I would contend that the safety should be disengaged at the same point in the presentation, regardless of of the exact reason for drawing.

Rosco
 

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As previously mentioned, consistency is the key to gunhandling.

There seems to be a belief that the thumb safety somehow affects weapon safety, which it does not. The mind and its control of the trigger finger provide weapon safety.

One should not employ the thumb safety such that it is an encumbrance requiring thought to manipulate in a crisis. This will likely lead to a mistake which could be disastrous.

There are three circumstances from which a shot is normally taken: 1) the full drawstroke to firing, 2) a partial drawstroke and firing from retention, and 3) firing from ready. If thumb safety manipulation is different for any of the three, it invites a mistake.

To be consistent, the safety must be manipulated at the same point in the gunhandling activity -- every time -- so that it does not require thought. The only way to do that, in my opinion, is to disengage the safety as the pistol comes toward level out of the holster. Whether you use the traditional Gunsite drawstroke or the newer approach where the pistol goes through "retention" during presentation, the safety should be off once the pistol has cleared leather and approaches level. If you re-engage the safety or change the safety manipulation when going to "ready", it then requires an additional, non-standard, conscious thought to take the safety off for a shot. If you habitually take the safety off as the sights come to the target, you will have the safety on at the retention position when you may desperately need it off. Either invites a problem, while not increasing weapon safety at all.

It would be better if we were to call that thumb piece something other than a "safety". If we called it a function blocking device, the term would be more descriptive and we would be more likely to handle it properly.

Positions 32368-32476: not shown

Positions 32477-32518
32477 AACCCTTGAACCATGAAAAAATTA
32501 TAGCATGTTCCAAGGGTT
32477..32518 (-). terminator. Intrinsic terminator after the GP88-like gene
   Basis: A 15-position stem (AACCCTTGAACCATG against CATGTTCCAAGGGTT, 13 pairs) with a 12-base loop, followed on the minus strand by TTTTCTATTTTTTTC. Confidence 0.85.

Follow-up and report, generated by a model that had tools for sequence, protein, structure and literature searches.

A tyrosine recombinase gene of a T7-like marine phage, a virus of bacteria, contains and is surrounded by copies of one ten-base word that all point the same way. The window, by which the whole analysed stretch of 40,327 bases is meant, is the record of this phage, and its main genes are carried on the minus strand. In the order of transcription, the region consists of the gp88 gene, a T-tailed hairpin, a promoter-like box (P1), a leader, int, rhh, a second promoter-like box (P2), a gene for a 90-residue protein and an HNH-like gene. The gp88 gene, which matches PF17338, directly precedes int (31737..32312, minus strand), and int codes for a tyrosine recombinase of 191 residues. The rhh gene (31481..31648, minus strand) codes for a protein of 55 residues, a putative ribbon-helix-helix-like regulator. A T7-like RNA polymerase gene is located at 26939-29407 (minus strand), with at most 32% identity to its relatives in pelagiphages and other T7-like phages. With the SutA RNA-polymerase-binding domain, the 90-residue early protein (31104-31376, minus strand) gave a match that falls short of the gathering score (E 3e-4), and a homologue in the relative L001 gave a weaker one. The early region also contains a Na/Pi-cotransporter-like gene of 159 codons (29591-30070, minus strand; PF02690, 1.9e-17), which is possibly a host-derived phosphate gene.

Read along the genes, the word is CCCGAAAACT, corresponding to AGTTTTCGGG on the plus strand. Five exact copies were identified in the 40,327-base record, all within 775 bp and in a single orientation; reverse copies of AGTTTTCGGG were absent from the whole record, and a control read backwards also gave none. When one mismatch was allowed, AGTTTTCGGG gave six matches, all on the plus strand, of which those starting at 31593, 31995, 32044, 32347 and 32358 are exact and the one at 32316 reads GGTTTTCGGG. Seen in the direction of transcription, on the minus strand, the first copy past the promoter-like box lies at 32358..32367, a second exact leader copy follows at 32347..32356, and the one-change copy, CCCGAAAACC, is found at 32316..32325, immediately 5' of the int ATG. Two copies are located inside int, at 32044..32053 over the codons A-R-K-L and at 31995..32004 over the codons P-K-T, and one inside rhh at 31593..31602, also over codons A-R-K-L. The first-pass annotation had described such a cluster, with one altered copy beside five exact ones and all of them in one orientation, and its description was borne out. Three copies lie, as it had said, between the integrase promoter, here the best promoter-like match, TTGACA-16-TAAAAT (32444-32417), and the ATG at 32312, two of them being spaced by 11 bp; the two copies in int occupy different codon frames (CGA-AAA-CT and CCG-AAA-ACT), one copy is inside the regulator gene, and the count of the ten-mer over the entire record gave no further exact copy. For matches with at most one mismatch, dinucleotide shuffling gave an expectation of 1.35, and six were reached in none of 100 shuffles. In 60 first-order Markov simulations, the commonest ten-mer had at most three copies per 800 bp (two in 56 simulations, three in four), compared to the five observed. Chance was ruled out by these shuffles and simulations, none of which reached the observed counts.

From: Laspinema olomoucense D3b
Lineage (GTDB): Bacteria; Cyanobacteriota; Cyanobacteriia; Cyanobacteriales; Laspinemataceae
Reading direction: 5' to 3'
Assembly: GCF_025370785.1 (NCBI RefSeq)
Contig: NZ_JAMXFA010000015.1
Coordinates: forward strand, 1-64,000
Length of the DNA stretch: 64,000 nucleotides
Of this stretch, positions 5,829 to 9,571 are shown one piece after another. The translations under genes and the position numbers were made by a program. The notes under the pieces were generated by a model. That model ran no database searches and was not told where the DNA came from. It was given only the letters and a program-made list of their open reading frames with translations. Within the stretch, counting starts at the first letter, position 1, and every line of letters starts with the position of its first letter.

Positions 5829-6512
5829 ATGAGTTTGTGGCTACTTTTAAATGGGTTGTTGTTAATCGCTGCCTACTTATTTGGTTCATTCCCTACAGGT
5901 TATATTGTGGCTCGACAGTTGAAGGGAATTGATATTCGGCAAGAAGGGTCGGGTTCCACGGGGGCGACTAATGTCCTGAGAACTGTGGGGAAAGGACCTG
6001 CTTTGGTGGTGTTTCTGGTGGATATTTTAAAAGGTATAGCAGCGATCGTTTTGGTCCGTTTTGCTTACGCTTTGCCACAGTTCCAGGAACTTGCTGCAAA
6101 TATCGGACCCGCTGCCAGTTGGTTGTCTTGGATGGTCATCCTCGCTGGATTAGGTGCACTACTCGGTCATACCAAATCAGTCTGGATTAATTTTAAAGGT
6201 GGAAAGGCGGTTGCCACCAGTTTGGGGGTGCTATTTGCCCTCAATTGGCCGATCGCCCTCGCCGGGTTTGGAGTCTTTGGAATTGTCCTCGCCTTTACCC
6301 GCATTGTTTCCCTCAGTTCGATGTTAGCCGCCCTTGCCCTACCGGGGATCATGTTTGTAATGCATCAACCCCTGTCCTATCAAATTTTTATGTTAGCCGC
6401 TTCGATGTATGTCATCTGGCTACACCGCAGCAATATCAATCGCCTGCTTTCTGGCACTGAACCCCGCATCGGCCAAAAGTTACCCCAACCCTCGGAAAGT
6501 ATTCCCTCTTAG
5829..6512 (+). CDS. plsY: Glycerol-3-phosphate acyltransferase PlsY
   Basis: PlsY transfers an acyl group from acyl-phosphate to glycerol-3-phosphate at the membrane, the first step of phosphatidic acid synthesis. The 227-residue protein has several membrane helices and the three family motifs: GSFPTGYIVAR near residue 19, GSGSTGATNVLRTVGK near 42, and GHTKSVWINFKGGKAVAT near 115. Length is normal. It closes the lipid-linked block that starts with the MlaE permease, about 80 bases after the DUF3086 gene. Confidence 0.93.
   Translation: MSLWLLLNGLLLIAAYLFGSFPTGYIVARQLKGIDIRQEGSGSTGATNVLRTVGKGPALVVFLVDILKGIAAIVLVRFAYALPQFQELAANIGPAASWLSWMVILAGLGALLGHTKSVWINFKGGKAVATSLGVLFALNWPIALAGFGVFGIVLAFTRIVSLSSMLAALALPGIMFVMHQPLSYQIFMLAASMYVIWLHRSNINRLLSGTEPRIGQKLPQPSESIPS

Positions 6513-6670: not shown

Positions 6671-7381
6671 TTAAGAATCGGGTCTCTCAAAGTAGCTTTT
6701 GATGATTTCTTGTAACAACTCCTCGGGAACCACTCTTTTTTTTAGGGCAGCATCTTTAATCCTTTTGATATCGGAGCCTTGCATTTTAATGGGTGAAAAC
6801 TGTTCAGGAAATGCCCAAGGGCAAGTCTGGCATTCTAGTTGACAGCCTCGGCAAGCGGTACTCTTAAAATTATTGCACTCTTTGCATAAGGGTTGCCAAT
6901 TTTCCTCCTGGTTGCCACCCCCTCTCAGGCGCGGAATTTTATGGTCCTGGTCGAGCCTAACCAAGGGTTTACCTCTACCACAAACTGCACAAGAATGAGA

The safety is not related to safety, and there is nothing unsafe about having it off.
If the pistol is out, the safety should be off.

But the finger is off the trigger until the sights are on the target.
 

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Halfway through the draw it gets snicked off. If its out its unlocked, finger outside the TG.

As for the glock, safety is on until brain takes it off. (Brain is safety). Trigger finger is outside of TG.

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Originally posted by Rosco Benson:
I disengage the safety after the pistol has cleared the holster and as the pistol is moving to either being grasped with my support hand or up into a tightly tucked retention position...as dictated by the situation.
Roscoe has it right.. It's exactly the way I was taught and the way I train. IMO it's the most logical and tactically sound method if it becomes necessary to draw the weapon.

If this seems "early" to anyone, I would ask at what point they disengage the safety on their GLOCK? I thought so.
Good point..


Rick



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"Laws that forbid the carrying of arms ... disarm only those who are neither inclined nor determined to commit crimes. ... Such laws make things worse for the assaulted and better for the assailants; they serve rather to encourage than to prevent homicides, for an unarmed man may be attacked with greater confidence than an armed man." -- Thomas Jefferson